Strangely, though, that tendency isn’t there when it comes to specific training. I’m willing to reach out to others for that. It’s the more “fuzzy logic” kinds of things where I don’t reach out. Things like “I have this idea. Is it worth pursuing?” or “What’s the best way to tackle this spaghetti-like mess of tasks?” I also tend to struggle with self-worth when it comes to amateur vs. pro. The “am I good enough to try to teach others about this topic?” or “I’m just an amateur with this technology. I won’t apply for that cool opportunity. I’m sure they’re looking for professionals.”

    I haven’t read any of Steven Pressfield’s books. It looks like I need to add them to my growing list of must-reads!

    • Faith Watson September 26, 2014 at 1:31 pm #

      Mary, I can totally relate with so much of what you say. Especially the suffering in silence parts… S.P. does advocate “playing hurt” which I think many of us tend toward (we’re creative so we might also be sensitive). Meaning, the best athletes still go in for the game, they limp through the finish line tape, or take one for the team. I’m all about that and I bet you are too. But turning pro requires balance. We give help and ask for help, we know what we’re good at but don’t need to be glorified for it.

      I think you need to read this book, but first I highly recommend The War of Art! Thank you for visiting my blog today. :-)

  3. Kevin September 26, 2014 at 1:35 pm #

    Faith, Pressfield’s concept of turning pro is helpful in so many ways and you’ve nicely illustrated a couple here in this post.

    As another example, I recently had a coaching call with an author who was surprised when I was open to talking with about her business strategy.

    She told me everyone in her artistic circle considers thinking about the business and money issues related to their art to be selling out.

    I found myself suddenly channelling Pressfield as I told her, “No, taking the business side of your art seriously is no selling out. What it is… is going pro.”

    • Faith Watson September 29, 2014 at 11:05 am #

      Kevin, how true is that, oh my gosh! And it all starts with US being willing to take OURSELVES that seriously. Artists really are entrepreneurs and vice versa, and if we’re in this for the long haul, we are going to need more than Muse. A professional has a practice and a plan. :-)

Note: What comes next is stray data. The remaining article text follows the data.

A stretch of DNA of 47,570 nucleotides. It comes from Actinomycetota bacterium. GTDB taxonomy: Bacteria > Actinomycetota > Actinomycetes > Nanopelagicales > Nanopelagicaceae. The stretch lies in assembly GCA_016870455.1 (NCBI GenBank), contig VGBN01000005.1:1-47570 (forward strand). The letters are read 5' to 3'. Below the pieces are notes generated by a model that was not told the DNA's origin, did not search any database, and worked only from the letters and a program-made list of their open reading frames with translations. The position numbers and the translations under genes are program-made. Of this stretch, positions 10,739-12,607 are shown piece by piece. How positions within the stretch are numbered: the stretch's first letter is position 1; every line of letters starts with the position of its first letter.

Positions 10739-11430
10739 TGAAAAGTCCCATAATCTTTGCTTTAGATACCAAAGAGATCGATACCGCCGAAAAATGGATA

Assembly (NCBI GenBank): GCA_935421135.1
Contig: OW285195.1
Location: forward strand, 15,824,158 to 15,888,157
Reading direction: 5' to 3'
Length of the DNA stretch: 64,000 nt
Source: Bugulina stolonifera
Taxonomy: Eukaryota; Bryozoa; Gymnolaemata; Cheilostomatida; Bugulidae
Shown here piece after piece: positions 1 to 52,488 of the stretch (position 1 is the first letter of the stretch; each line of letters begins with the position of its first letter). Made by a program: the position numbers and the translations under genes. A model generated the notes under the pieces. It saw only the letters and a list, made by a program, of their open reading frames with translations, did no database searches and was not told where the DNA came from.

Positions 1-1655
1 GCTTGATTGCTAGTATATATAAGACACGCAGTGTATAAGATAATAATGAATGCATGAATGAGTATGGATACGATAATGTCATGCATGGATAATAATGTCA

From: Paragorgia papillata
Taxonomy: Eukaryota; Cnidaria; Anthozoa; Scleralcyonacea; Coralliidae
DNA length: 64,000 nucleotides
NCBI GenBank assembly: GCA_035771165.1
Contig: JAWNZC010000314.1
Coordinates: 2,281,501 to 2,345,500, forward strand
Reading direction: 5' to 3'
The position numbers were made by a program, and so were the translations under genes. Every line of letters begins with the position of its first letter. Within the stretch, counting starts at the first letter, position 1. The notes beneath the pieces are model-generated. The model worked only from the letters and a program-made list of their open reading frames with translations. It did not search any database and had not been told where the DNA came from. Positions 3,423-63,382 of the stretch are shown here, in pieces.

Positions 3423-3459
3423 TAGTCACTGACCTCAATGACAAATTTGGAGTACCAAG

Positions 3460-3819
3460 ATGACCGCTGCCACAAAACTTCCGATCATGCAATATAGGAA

4. Darren September 29, 2014 at 11:37 am #


    I went Pro when I started asking for help. I met you through Fizzle, and online community and training for entrepreneurs to make their “thing.”

    I ask for help all the time. I need it because I don’t and I can’t know everything. There is a balance between learning by doing, and doing many things that are new to you, and asking for help with those things that would stop you cold in your tracks.

    Asking you for help shortly after launching my site was one of the best PRO investments I ever made. You helped me with my copy better that I could have imagined, because you helped me to refine my copy with questions. You made me still do the work, but you guided the process.

    I hope this comment helps you, as you have helped me! :-)

    • Faith Watson September 29, 2014 at 1:40 pm #

      Darren, you are one of the prime examples for turning pro that I know, always so wisely asking, sharing, receiving and giving help! I think one of the most important points we can make about that topic is putting things into action. Perhaps we don’t always ask for help because there is a certain obligation to do something about the issue we ask for help with, right? Confidence plays into that for some, and follow-through for others… but you always just move in the direction of your goals and keep learning and growing. I LOVE that. If we all can remember that turning pro is not about arriving somewhere, it’s about acting and doing. It’s a state of being, really.

  5. Chiereme September 29, 2014 at 12:31 pm #


    I am a recent grad and aspiring author. I often struggle with giving myself the title of writer because of my insecurities and fear of failure. I want to learn how to be confident in my abilities – which I know that with prayer, hard work and a little faith will take me to where I aspire to be. I find it hard to ask for help being that I’ve always been a loner.

    My confidence in someone else’s genuine willingness to help is often what keeps me from asking around. This year I decided to dispel the indifference myth and reach out to other for support and collaboration. I have had many let-downs, refusals and discouragements, but I have also found that having one or two people with a great deal of wisdom and expertise is often more valuable than a team of half-doers. I currently would rate myself as a beginner being that I have spent most of my time researching versus doing – which I am currently changing.